In a recent popular article, “What Happened to Toys R Us?”, we learned that the iconic toy megastore has announced that it plans to sell or close all 800 of its remaining US retail stores. For most of us, this was a store that we grew up with, spending birthdays, holidays, and other special events scanning the shelves looking for the latest and greatest “must have” toys, board games, bicycles, model cars, baby dolls, Thomas® trains, Lego sets, video games, and other treasures depending the age, the era, and the whims of the children in our lives.
Certainly, shopping habits have changed. For those of us in retail we are well-aware that we are knee-deep in a new age of retail where convenience, competition, and omni-channel opportunities have resulted in new options for today’s retail customer. This will continue to factor in on business decisions for years to come as companies adjust to the latest demands of the retail customer.
Obviously, there are many different factors that contributed to the downfall of this American icon. But did you shop there? Most of us have children in our lives or are somehow place in situations where we’ve purchased toys, games, and other leisure items that would commonly be sold at a store like a Toys R Us. Have your shopping habits led you away from shopping at these stores?
Our survey participants were largely split on this topic, with 30 percent stating that they typically buy their toys online, 10 percent stating that they buy their toys at a more specialized retailer, 30 percent saying that they typically buy their toys at a larger department store that carries toys among many other items, and 30 percent indicating that they preferred to buy their toys at Toys R Us or a similar toy outlet.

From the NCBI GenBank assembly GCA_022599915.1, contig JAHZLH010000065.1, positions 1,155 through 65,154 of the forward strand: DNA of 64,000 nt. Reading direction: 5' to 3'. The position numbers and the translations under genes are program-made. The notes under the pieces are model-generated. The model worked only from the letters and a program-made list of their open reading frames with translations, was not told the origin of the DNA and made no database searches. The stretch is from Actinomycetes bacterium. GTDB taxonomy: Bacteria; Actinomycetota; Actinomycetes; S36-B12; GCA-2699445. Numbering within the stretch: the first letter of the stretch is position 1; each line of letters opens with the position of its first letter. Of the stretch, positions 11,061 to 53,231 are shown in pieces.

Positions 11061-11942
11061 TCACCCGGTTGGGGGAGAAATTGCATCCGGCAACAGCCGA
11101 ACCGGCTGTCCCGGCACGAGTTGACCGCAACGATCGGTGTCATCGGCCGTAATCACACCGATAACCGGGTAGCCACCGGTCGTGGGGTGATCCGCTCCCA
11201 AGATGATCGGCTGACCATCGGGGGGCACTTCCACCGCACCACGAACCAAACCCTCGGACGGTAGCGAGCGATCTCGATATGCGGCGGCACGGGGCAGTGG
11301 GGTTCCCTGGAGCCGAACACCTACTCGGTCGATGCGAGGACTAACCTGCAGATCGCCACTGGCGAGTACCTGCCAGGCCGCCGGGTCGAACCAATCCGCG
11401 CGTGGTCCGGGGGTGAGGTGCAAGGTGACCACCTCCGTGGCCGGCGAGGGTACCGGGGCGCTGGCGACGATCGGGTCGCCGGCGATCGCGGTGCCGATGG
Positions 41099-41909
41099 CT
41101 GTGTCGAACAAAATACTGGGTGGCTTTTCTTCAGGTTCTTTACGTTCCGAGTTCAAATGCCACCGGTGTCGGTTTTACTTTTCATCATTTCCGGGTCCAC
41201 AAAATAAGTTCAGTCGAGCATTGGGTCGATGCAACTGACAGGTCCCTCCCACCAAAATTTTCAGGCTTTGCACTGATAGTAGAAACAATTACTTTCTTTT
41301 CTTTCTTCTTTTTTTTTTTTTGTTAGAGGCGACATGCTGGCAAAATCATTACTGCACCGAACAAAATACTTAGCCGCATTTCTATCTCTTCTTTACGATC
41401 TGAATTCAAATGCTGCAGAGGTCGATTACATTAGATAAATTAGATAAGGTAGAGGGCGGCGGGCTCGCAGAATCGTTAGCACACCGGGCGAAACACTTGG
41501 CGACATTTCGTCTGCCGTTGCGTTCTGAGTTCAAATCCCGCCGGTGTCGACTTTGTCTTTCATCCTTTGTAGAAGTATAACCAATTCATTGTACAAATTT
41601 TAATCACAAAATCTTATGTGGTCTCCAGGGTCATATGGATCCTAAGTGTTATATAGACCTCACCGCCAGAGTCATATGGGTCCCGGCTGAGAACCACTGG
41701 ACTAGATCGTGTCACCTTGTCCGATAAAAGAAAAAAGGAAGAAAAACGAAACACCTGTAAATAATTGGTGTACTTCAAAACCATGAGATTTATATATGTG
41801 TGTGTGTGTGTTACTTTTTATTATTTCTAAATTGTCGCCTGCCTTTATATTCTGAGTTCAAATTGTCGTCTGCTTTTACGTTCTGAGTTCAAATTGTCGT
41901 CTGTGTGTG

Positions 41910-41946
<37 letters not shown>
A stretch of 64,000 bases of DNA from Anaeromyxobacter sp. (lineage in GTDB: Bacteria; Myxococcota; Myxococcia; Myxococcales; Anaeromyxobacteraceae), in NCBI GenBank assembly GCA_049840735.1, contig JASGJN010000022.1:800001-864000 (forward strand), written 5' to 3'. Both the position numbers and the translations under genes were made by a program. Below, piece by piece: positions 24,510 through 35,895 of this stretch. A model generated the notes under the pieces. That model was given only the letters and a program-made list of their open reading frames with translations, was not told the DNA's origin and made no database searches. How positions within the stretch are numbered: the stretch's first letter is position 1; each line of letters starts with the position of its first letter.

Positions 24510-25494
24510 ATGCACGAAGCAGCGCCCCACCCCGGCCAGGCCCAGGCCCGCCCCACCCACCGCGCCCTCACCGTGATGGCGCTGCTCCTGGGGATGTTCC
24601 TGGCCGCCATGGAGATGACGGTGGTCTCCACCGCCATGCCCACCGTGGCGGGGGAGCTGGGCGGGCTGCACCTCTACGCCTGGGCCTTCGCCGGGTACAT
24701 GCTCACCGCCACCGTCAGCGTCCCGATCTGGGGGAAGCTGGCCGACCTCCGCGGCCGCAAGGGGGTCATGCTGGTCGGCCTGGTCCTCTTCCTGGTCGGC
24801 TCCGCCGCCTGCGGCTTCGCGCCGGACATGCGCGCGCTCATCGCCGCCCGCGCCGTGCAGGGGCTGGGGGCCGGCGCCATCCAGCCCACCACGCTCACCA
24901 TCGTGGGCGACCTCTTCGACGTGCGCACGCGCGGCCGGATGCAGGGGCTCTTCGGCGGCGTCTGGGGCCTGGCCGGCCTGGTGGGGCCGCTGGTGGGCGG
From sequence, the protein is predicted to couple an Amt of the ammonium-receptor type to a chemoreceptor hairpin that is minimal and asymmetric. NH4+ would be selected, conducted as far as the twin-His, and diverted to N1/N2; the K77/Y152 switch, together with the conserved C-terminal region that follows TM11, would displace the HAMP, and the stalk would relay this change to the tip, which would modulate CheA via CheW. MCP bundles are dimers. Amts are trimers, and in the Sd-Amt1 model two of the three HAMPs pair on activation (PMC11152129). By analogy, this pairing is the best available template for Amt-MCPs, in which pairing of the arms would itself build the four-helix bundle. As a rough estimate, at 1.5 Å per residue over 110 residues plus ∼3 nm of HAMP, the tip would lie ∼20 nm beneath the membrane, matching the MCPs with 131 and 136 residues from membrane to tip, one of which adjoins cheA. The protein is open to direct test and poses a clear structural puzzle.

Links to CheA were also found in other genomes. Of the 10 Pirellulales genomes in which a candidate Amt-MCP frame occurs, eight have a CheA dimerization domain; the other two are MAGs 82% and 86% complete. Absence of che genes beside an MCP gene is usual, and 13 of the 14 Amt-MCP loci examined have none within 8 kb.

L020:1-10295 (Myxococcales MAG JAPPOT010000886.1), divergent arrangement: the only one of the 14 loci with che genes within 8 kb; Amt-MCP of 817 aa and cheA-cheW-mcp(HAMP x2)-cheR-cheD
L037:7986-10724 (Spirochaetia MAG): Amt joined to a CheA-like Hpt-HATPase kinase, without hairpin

It would appear that approximately 30 percent of our respondents are going to have to find another outlet to buy toys for the children (and adults) in their lives. As the demands and shopping habits of our retail customers continue to change, it will only grow increasingly important that retailers aggressively and proactively respond to these new and evolving habits in order to be successful in this dynamic culture.
Here is a sampling of your comments:
Kids are more interested in video/virtual games these days rather than more traditional toys. Who knows where it goes from here.
Looks like we’re going to have to find a new place to buy our toys. Been shopping there since I was a kid. Too bad.
Not all change is for the better. A lot of kids are going to miss out.
Few Toys R Us stores in my city and not too many choose on the categories.
You buy online when you know exactly what you want. Toy stores let you browse hands-on and department stores don’t usually have the selection. Not good.
While we still buy many toys and other items at Toys R Us, we now buy many more items online. Hate to see them go – was as much a destination store and a toy store to experience as much as anything else.
Do you have any additional thoughts? Let us know what’s on your mind in the comments below.